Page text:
Yet, should we mark it—the soldier's grave,
Some one may seek him in hope to save!
Some of the dear ones, far away,
Would bear him home to his native clay;
'Twere sad, indeed, should they wander nigh,
Find not the hillock, and pass him by.

"OUR CONFEDERATE DEAD."

Unknown to me, brave boy, but still I wreathe
For you the tenderest of wildwood flowers;
And o'er your tomb a virgin's prayer I breathe,
To greet the pure moon and the April showers.

I only know, I only care to know,
You died for me—for me and country bled;
A thousand Springs and wild December snow
Will weep for one of all the Southern dead.

Perhaps some mother gazes up the skies,
Wailing, like Rachel, for her martyred brave
Oh, for her darling sake, my dewy eyes
Moisten the turf above your lowly grave.

The cause is sacred, when our maidens stand
Linked with sad matrons and heroic sires,
Above relics of a vanquished land
And light the torch of sanctifying fire.

Your bed of honor has a rosy cope
To shimmer back the tributary stars;
And every petal glistens with a hope
Where Love hath blossomed in the disk of Mars.

Sleep! On your couch of glory slumber comes
Bosomed amid the archangelic choir;
Not with the grumble of impetuous drums
Deep'ning the chorus of embattled ire.

Above you shall the oak and cedar fling
Their giant plumage and protecting shade;
For you the song-bird pause upon his wing
And warble requiems ever undismayed.

Farewell! And if your spirit wander near
To kiss this plant of unaspiring art
Translate it, even in the heavenly sphere,
As the libretto of a maiden's heart.

OUR DEAD HEROES.
(Introduction by Morton Bryan Wharton, D. D.J)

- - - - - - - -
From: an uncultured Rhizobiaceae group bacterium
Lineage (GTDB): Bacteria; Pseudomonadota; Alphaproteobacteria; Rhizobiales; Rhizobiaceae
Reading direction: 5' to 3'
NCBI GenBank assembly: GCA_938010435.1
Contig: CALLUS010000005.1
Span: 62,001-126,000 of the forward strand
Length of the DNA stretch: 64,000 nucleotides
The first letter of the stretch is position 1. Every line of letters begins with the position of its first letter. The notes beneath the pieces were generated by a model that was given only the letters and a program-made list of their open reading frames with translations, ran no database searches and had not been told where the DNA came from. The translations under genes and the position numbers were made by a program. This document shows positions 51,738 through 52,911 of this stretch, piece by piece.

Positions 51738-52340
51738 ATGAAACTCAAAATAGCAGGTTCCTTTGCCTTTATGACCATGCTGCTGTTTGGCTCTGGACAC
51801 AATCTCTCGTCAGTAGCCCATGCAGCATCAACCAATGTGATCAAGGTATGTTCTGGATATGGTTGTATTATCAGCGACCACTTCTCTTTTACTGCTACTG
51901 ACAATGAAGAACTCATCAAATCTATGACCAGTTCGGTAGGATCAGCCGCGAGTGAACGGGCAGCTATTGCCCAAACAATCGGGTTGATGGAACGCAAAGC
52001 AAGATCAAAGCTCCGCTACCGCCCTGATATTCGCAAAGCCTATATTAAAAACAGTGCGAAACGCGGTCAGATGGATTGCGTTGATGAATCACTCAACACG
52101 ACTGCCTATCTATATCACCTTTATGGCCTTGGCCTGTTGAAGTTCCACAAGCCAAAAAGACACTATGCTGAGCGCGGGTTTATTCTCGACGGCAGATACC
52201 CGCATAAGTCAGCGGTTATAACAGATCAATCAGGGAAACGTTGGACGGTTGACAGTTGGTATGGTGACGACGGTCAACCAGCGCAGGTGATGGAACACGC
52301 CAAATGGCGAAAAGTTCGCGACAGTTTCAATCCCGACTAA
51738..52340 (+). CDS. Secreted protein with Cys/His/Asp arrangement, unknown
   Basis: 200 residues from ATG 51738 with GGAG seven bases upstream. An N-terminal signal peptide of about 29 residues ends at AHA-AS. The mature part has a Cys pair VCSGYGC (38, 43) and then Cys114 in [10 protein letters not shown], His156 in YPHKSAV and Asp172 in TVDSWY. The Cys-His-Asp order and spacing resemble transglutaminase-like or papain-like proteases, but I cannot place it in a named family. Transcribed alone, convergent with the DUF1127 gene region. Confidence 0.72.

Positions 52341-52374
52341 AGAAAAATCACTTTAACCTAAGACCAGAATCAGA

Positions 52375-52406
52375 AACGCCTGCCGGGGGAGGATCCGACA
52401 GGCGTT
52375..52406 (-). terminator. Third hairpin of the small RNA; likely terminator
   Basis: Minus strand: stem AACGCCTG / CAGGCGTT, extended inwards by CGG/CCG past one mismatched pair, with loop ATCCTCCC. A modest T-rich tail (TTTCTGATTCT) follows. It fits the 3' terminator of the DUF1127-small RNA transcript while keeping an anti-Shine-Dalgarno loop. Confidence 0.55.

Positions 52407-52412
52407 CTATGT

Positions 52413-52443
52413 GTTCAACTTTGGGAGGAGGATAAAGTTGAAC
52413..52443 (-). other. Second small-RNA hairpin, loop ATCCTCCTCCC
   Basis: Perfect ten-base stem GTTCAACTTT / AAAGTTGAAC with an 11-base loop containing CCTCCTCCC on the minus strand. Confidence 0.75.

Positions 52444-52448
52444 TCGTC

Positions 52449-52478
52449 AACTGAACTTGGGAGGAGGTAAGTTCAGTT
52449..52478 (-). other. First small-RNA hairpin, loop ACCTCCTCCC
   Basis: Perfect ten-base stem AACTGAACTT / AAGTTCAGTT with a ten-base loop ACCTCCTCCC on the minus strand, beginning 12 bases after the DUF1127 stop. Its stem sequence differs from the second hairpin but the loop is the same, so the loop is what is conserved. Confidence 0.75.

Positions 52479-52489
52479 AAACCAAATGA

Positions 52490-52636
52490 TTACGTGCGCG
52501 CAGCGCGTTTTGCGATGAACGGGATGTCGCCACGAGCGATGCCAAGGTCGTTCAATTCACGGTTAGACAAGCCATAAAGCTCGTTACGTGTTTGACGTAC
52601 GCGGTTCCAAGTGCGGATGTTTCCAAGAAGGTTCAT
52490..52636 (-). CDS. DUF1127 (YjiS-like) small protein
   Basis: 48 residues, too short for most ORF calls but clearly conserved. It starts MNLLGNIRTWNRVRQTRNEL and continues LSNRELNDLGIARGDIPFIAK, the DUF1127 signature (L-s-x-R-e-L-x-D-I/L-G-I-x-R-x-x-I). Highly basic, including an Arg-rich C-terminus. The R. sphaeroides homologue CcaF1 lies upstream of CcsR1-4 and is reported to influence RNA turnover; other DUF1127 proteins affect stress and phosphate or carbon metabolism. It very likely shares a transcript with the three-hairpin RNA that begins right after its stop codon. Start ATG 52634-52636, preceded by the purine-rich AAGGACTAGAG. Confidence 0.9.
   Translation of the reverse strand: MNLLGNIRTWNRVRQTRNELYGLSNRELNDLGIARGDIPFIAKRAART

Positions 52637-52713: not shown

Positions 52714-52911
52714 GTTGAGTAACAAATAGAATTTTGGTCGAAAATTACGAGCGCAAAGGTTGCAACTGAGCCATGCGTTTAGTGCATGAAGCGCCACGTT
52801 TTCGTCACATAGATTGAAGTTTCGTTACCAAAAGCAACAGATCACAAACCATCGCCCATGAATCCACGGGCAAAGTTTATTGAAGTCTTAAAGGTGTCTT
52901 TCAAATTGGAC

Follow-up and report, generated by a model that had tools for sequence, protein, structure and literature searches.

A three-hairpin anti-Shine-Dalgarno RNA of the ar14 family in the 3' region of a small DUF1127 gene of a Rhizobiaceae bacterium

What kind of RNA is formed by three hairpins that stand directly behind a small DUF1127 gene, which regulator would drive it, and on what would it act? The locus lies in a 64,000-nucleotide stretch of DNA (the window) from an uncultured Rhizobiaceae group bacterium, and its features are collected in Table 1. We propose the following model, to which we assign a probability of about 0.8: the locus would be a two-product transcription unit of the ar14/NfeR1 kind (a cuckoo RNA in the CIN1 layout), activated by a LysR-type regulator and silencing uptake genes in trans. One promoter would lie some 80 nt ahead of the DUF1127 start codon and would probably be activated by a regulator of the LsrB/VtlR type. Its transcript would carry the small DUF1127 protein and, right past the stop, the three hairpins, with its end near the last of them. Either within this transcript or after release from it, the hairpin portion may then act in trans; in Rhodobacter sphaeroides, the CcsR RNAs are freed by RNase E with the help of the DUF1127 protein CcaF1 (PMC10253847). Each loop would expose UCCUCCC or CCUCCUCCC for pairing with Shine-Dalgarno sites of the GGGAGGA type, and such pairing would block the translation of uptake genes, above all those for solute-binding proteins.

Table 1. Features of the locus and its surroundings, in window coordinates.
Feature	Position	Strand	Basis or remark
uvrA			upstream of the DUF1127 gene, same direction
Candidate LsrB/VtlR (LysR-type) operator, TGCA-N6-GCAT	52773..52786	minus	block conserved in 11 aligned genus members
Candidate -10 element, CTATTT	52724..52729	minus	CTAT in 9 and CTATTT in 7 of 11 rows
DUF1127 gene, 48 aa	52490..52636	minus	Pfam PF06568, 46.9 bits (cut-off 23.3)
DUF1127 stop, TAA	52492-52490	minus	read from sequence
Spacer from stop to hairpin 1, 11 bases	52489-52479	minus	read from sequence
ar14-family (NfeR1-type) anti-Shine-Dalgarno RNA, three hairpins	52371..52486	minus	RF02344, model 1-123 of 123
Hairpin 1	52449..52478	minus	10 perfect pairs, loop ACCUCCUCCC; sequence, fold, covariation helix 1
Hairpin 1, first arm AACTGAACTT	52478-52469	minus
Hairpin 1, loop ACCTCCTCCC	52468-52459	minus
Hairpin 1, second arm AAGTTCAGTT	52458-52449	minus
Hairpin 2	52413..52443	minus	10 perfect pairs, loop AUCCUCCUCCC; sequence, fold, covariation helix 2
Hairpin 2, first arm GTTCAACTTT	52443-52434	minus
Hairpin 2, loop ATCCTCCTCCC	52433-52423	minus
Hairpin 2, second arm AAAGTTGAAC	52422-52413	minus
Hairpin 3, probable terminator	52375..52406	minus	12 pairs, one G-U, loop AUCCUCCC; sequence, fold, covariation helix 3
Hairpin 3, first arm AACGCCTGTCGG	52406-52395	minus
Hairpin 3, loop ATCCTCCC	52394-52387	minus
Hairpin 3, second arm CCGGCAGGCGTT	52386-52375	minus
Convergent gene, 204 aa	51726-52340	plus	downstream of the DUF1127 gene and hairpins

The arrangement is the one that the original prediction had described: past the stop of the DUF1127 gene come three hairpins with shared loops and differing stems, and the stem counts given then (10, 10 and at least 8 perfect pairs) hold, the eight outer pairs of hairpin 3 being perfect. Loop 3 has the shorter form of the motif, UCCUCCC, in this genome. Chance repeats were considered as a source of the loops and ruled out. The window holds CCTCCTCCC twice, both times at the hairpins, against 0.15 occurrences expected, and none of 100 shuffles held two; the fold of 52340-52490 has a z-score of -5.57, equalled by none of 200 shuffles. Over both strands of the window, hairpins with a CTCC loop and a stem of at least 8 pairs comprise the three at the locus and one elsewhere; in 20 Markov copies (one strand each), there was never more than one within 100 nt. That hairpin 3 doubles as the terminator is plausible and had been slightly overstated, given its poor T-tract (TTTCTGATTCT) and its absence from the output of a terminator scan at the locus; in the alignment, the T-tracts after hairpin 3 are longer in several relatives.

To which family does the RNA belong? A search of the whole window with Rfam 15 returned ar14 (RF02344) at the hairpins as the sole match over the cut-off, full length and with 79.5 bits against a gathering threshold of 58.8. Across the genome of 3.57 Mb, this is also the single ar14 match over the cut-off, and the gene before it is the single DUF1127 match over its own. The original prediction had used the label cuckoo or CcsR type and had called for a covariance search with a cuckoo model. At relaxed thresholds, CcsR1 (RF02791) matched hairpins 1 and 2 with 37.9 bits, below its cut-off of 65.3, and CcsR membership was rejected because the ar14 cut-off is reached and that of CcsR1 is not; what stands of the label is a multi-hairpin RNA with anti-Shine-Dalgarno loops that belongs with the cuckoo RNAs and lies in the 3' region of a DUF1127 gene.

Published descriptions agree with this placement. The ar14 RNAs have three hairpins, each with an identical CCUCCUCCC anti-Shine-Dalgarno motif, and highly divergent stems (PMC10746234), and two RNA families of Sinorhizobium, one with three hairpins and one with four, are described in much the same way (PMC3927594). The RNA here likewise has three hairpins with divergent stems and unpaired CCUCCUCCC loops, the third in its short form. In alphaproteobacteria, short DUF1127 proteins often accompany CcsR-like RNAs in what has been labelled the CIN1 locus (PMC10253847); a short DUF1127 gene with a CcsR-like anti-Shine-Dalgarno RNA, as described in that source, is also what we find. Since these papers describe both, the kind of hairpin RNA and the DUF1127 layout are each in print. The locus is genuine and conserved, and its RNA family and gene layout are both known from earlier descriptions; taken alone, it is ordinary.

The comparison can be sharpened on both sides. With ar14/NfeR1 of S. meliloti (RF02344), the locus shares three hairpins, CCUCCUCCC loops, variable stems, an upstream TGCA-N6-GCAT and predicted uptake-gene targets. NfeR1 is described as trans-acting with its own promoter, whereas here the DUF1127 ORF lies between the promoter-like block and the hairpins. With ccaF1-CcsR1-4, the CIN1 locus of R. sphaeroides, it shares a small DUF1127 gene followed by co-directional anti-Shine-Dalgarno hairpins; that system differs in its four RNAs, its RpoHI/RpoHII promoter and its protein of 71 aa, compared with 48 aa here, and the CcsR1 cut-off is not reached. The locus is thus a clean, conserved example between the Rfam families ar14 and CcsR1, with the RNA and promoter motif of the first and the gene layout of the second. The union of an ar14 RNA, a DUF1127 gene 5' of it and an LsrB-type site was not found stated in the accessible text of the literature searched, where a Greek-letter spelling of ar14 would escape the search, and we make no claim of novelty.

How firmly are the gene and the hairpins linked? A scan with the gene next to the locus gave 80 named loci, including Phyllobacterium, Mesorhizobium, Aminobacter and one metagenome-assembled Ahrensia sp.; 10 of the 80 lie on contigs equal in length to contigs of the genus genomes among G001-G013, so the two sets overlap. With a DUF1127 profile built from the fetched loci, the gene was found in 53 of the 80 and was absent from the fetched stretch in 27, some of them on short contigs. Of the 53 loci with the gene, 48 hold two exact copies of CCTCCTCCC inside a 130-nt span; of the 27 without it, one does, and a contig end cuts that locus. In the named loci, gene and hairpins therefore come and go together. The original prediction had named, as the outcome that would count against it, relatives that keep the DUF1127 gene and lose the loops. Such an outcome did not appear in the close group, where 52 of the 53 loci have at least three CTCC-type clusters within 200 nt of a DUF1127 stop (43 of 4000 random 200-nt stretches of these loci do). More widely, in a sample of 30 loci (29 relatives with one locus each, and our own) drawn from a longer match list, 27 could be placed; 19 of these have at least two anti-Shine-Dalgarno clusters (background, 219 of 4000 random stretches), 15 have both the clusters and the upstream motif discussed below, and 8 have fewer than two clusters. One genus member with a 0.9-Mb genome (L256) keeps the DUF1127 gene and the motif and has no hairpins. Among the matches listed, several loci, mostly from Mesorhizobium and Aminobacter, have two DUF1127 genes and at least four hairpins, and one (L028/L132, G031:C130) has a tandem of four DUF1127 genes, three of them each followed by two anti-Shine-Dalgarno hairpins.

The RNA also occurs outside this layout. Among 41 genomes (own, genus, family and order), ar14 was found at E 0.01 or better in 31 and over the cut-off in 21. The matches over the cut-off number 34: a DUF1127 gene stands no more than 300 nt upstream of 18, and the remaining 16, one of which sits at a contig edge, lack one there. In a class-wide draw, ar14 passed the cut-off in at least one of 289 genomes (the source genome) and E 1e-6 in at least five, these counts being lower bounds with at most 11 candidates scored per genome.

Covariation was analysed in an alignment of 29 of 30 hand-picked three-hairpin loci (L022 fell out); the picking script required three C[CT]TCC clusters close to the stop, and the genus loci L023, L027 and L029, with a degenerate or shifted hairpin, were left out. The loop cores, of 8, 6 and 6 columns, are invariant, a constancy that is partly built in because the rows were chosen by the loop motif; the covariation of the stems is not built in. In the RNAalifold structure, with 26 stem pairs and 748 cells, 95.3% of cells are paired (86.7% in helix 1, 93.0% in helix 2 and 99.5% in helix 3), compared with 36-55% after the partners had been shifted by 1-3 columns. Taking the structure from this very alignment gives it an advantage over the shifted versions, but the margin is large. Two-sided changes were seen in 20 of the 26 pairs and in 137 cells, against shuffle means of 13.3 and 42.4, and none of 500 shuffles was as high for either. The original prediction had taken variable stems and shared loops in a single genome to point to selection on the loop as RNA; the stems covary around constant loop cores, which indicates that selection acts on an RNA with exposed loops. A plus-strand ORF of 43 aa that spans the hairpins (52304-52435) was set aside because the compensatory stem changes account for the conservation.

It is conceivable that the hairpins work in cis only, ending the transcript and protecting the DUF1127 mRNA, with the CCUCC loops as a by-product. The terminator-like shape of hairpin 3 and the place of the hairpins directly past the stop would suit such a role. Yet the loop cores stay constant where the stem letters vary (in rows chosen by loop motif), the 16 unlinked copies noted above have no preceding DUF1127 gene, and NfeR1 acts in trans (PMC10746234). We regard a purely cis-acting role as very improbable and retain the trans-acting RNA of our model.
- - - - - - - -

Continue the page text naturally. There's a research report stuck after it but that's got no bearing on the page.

'the angels above us hover,
And the breezes a requiem sing,
As we meet this day to cover,
Our dead with the flowers of Spring.
They were brave, they were true, devoted,
They died for their country's laws,
And Montgomery will e'er be noted
As the cradle of their cause.

The waves of the Alabama
Will no longer be seen to roll,
Ere the men of that mighty drama
Shall fade from memory's scroll.
The names of Lee and Davis
Shall gild the wing of time,
Their armies and their navies,
Be praised for deeds sublime!

Since then long years have vanished,
Their forms have gone to dust,
Their flags have all been banished,
Their swords have gone to rust.
But their souls are up in glory,
And now like angels gleam;
Last night their mystic story,
Came to me in a dream.

 

OUR FAITH IN '61.
By A. J. Requier.

"Nor yet one hundred years have flown
Since on this very spot,
The subjects of a sovereign throne
Liege-master of their lot
This high degree sped o'er the sea,
From council board and tent,
"No earthly power can rule the free
But by their own consent!"

For this, they fought as Saxons fight,
On bloody fields and long